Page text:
Carbonada e Zapallo is a type of beef stew made with vegetables, dried fruit, potatoes, and spices and served in the shell of a roasted pumpkin. The beef stew and the pumpkin are cooked separately but put together for presentation and serving.
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Go Big or Go Home
My family is filled with “go big or go home” type of people. If my parents, my brother or myself do something, we either do it right, or we don’t do it at all. It’s exhausting and rewarding and stressful and amazing. It’s both a blessing and a curse, really.
This method definitely transfers itself to holidays… For the first fifteen years of my life, the neighborhood called my dad “Mr. Griswald” at Christmas. Our house was covered in lights from top to bottom, and Papa Foreign Fork would climb a 40 foot ladder to make sure that there were even lights at the very peak of the house. One year he decided that he was sick of putting lights up, and we never had them again. See? Go big or go home.
Too squat– and damaged!
Go Big or Go Home: Halloween Edition
WELL. During halloween growing up, this thought process was present full-force. My family and I would go to the pumpkin patch each year and spend an hour searching for the BIGGEST. PUMPKINS. POSSIBLE. We wouldn’t leave until we had found the most obnoxious, gigantic pumpkins in the patch. For the rest of the night, my brother and I would find ourselves shoulder deep in our treasures, scooping out enough pumpkin seeds to feed us for a week.
I’m still a “go big or go home” person. I mean, I’m cooking a meal from every country in the world for crying out loud!
Searching for the Perfect Pumpkin Pot
But the recipe for this Argentinian carbonada (beef stew) called for much different pumpkin-searching skills. I wasn’t just looking for the biggest pumpkin; I was looking for the perfect pumpkin. And this time it had to be perfect enough to serve as a pot for beef stew! After twenty minutes searching, finally, I found it. The perfect pumpkin was not too big, and not too small. It was deep enough to hold beef stew, but not so deep that my ladle couldn’t reach the bottom. I heaved that pumpkin up to the makeshift checkout counter and bought it. Then I spent the rest of the night shoulder deep in my treasure, scooping out enough pumpkin seeds to feed me for a week.
Once the pumpkin and the beef stew are cooked separately, the stew is poured into the pumpkin shell. For every bowl you serve, make sure to use the serving spoon to scrape some pumpkin into your bowl as well. If you do not want to serve the soup in a pumpkin bowl, you can also just make the soup on the stove and serve it without the pumpkin addition.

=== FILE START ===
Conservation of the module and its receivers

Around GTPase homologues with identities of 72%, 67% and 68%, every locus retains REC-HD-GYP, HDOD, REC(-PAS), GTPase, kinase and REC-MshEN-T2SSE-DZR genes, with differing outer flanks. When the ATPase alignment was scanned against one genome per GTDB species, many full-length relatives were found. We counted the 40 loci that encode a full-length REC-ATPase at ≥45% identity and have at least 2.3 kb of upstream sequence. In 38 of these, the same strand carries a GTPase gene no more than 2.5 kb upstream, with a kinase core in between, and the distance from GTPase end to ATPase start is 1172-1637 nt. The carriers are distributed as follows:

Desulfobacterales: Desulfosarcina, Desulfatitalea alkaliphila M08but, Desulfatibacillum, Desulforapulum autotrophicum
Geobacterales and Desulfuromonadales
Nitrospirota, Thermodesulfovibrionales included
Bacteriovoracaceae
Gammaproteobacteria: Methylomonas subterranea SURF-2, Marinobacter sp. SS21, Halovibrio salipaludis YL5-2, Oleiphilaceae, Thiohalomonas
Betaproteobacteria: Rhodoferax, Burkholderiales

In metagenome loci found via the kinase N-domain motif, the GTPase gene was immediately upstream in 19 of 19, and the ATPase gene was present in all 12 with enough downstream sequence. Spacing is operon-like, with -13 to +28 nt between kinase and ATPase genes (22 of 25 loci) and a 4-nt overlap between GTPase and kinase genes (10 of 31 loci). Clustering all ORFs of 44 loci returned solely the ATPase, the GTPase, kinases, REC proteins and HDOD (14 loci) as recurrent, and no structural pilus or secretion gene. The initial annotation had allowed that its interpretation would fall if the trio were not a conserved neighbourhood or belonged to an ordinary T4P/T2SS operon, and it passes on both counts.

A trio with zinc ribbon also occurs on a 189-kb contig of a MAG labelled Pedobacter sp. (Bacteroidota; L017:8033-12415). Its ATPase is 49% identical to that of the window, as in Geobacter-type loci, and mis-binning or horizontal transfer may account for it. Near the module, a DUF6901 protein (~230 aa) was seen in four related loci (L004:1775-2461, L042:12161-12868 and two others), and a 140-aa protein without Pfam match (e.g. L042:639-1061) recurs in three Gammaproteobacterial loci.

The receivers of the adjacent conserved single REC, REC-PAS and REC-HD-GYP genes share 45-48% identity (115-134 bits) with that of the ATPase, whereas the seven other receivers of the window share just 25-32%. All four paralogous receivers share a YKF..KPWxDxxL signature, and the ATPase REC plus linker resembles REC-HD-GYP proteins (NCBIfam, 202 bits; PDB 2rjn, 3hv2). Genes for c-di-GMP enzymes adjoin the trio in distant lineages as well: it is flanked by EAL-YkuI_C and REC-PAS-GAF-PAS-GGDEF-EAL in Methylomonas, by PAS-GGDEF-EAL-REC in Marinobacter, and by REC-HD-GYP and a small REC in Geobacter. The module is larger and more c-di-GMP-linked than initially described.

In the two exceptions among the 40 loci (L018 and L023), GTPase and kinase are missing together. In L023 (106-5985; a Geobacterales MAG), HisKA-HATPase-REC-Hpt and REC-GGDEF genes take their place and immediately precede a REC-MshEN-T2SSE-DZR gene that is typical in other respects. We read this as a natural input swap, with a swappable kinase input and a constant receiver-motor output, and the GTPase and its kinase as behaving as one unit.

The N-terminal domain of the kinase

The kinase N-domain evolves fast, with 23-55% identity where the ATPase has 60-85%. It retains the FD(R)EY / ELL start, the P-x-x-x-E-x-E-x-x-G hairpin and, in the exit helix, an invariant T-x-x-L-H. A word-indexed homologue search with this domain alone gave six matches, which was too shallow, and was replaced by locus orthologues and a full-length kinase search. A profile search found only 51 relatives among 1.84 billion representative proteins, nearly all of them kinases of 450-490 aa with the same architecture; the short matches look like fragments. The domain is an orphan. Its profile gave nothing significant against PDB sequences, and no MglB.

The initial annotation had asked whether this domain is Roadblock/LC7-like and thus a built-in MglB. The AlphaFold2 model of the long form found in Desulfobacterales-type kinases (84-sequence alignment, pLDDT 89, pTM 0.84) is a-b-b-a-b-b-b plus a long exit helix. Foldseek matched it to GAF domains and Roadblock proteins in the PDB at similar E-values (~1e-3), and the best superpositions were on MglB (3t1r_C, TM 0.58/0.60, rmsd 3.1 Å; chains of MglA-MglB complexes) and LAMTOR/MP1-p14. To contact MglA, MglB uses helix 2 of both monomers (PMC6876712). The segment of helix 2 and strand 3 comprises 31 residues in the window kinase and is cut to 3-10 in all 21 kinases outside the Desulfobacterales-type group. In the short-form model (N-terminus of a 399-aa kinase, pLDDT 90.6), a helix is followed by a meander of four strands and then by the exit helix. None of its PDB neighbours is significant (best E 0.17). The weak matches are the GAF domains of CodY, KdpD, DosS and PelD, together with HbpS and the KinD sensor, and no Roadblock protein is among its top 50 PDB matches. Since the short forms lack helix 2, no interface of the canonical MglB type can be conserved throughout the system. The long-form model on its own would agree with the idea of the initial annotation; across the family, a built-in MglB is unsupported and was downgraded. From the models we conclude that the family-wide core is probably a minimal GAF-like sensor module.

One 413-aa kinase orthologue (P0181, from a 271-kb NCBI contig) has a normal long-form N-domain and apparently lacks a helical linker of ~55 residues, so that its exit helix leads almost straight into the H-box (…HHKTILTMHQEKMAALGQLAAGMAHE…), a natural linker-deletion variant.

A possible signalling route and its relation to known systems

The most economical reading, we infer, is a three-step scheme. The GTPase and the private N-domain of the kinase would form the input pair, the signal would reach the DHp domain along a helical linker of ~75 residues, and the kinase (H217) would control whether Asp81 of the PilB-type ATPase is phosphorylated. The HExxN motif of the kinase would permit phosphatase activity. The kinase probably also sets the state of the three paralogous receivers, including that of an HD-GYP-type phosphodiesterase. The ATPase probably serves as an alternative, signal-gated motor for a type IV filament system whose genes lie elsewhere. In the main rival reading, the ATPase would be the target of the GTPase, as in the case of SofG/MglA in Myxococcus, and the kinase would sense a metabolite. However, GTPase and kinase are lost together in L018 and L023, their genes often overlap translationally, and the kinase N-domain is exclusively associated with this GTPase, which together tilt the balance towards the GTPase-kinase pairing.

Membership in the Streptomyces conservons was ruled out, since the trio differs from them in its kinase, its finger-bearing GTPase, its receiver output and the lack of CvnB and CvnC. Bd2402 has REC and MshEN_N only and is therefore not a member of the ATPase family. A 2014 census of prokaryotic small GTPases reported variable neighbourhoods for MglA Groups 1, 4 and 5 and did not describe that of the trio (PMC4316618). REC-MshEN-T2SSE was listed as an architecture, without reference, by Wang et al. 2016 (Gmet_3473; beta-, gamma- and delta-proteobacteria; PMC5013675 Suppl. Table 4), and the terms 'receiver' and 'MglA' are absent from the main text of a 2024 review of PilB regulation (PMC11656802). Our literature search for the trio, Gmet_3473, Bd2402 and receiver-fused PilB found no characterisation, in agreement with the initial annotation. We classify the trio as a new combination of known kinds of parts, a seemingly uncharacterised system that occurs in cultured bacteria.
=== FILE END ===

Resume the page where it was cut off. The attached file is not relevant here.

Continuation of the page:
This beef stew is such a great food to make for this autumn time of year! The smell of roasting pumpkin in the oven and the steam of a big, hearty bowl of delicious soup made this the perfect fall comfort food. As the weather gets chillier and that spooky time of year grows closer, you might find yourself at the pumpkin patch. If you do, make sure to pick up an extra one. Then, go home and experiment with this recipe! I promise it’s fun. Enjoy!
If you need a little something sweet to go with your pumpkin stew, try this super simple Pillsbury Halloween Cookies that have pumpkins on them too. Just enough sweetness to fill that craving after a filling meal.
Argentinian Carbonada e Zapallo (Beef stew in a Roasted Pumpkin Shell)
- 1 medium pumpkin, about 13 lb
- ¼ cup olive oil
- 1 tbsp ground coriander
- 1 tbsp ground cumin
- ½ tbsp chili powder
- 2 lb beef, cubed
- 1 yellow onion, chopped
- 4 cloves garlic, chopped
- 1 sweet potato, cubed
- 2 Idaho potatoes, cubed
- 1 red bell pepper
- 1 green bell pepper
- 1 can chopped tomatoes, drained
- 2 cups beef stock
- 1 cup dried apricots, chopped
- 4 cobs corn, cut into thirds
- 6 cups water
Roasted Pumpkin Shell
- Cut the lid off of the pumpkin and scoop out the insides, including seeds. Try to cut the lid on an inward angle so that the top will stay secure on the pumpkin after cooking
- Drizzle olive oil over the inside of the pumpkin and season with kosher salt and pepper.
- Coat a baking sheet with butter. Place the lid back on the pumpkin and put on the buttered baking sheet.
- Roast pumpkin for about 50-60 minutes. The pumpkin should be soft and a little darker in color, but it should still be holding it’s shape. If you cook it too long, the bottom will fall out… avoid this!
- Heat oil in a large pot, and roast the garlic and onions until translucent, about 4-5 minutes.
- Add beef and pepper and sautee until tender.
- Add the spices, sweet potatoes, idaho potatoes, tomatoes, apricots, stock, and water. If more water is needed to cover the ingredients, add more. Season with salt and pepper.
- Bring to a boil, then reduce down to a simmer and continue to simmer for 20 minutes or until the potatoes can be pierced with a fork.
- Add the corn (optional) and cook for another 4 minutes.
- Fill the pumpkin with the soup and serve immediately. Make sure to scrape some pumpkin into each serving!
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